There’s already a lot at stake in the battle over repealing HB2.
In addition to what’s obviously at stake for LGBT North Carolinians, the state stands to lose millions in revenue related to major sports events as it faces boycotts.
Now, WRAL reports, a company will likely bring 1,500 jobs to Wake County – with an average salary of $100,000 – if HB2 can be repealed.
From the exclusive WRAL story:
The decision appears contingent on the repeal of House Bill 2, which could add pressure on lawmakers to compromise on a repeal. The company has not been identified publicly.
House Bill 2 requires people to use public bathrooms that match their birth gender and excludes gay and transgender people from discrimination protections.
Various sports leagues and businesses have moved events and jobs out of North Carolina because of the law.
Members of the Wake County legislative delegation confirmed to WRAL News that they have been briefed on the potential jobs announcement.
There have been several attempts to repeal House Bill 2, but lawmakers have been unable to reach a consensus.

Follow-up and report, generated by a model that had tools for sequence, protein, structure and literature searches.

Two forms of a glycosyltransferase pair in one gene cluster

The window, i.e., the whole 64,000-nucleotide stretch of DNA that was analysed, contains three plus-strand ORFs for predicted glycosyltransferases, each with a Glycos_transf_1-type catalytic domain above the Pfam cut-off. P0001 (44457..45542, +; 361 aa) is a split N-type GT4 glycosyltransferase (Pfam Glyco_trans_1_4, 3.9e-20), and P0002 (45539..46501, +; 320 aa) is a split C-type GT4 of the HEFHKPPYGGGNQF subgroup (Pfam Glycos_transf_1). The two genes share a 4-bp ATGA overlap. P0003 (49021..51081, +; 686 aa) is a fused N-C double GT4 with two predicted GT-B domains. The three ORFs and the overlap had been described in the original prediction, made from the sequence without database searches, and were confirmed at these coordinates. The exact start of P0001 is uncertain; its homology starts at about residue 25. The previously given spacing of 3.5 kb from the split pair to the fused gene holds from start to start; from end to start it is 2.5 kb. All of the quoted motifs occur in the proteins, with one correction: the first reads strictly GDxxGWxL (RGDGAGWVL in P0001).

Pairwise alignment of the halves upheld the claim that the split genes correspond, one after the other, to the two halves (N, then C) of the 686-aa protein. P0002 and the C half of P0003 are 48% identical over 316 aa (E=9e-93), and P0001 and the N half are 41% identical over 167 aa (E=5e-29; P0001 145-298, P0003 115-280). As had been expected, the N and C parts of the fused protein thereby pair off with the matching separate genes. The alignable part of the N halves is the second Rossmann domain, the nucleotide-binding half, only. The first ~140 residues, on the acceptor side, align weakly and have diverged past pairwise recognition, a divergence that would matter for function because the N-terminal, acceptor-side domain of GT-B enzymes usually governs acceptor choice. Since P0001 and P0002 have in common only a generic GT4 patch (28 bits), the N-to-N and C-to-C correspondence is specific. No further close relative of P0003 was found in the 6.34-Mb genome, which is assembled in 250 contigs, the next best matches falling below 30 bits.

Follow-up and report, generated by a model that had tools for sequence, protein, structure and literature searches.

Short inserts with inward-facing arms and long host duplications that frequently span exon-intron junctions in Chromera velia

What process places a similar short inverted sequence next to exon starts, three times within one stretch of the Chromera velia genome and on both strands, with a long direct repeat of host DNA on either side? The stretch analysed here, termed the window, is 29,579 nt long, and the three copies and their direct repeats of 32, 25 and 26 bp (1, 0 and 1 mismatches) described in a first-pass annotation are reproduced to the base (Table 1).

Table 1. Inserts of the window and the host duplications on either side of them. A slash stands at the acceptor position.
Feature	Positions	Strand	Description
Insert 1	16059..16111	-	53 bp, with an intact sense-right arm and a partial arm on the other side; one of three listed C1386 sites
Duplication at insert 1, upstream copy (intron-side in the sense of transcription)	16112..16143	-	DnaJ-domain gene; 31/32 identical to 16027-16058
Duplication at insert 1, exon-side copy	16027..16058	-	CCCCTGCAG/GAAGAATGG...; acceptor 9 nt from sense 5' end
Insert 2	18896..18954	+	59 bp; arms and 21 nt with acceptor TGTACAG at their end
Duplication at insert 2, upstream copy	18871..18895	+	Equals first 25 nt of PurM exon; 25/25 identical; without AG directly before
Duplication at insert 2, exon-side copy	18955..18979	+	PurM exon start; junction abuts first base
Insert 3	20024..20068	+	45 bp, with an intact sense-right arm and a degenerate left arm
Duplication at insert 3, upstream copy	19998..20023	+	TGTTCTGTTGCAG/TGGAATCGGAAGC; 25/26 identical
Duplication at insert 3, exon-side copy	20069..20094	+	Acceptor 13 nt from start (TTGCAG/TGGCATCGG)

“Unable to reach a consensus” may be a polite way of putting it.
Earlier this week Democrats, Republicans and LGBT advocates held dueling press events over the stalled repeal effort and top GOP lawmakers can’t agree whether they need the governor’s help in negotiating a compromise or if it’s a violation of the separation of powers for him to be involved.
N.C. House Speaker Tim Moore (R-Cleveland) now says, “I don’t know that any further phone calls are warranted at this point” between GOP leadership in the General Assembly and Gov. Roy Cooper, the state’s top Democrat.
At issue is House Bill 186, touted by its sponsors as a compromise bill.
The bill would repeal HB2 but replace with a law that would constrain local governments that want to pass nondiscrimination ordinances like the one passed last year that extended protections to gay, lesbian, bisexual and transgender people in Charlotte. The law would limit which restrooms local governments could regulate, add stiffer penalties for crimes committed in restrooms and changing areas and require a public referendum if opponents of such local laws gather enough signatures.
Any such ordinances would also not apply to religious or non-profit organizations, including schools and hospitals.
Opponents of the bill – including top Democratic lawmakers and Gov. Roy Cooper – say the referendum provision would ignite fierce HB2-like campaigns across the state rather than solve the problem created by the state law.
Democratic leaders and HB2 advocates say they aren’t willing to put minority rights to votes in communities all over North Carolina and that it would do nothing to restore the state’s reputation and lift boycotts.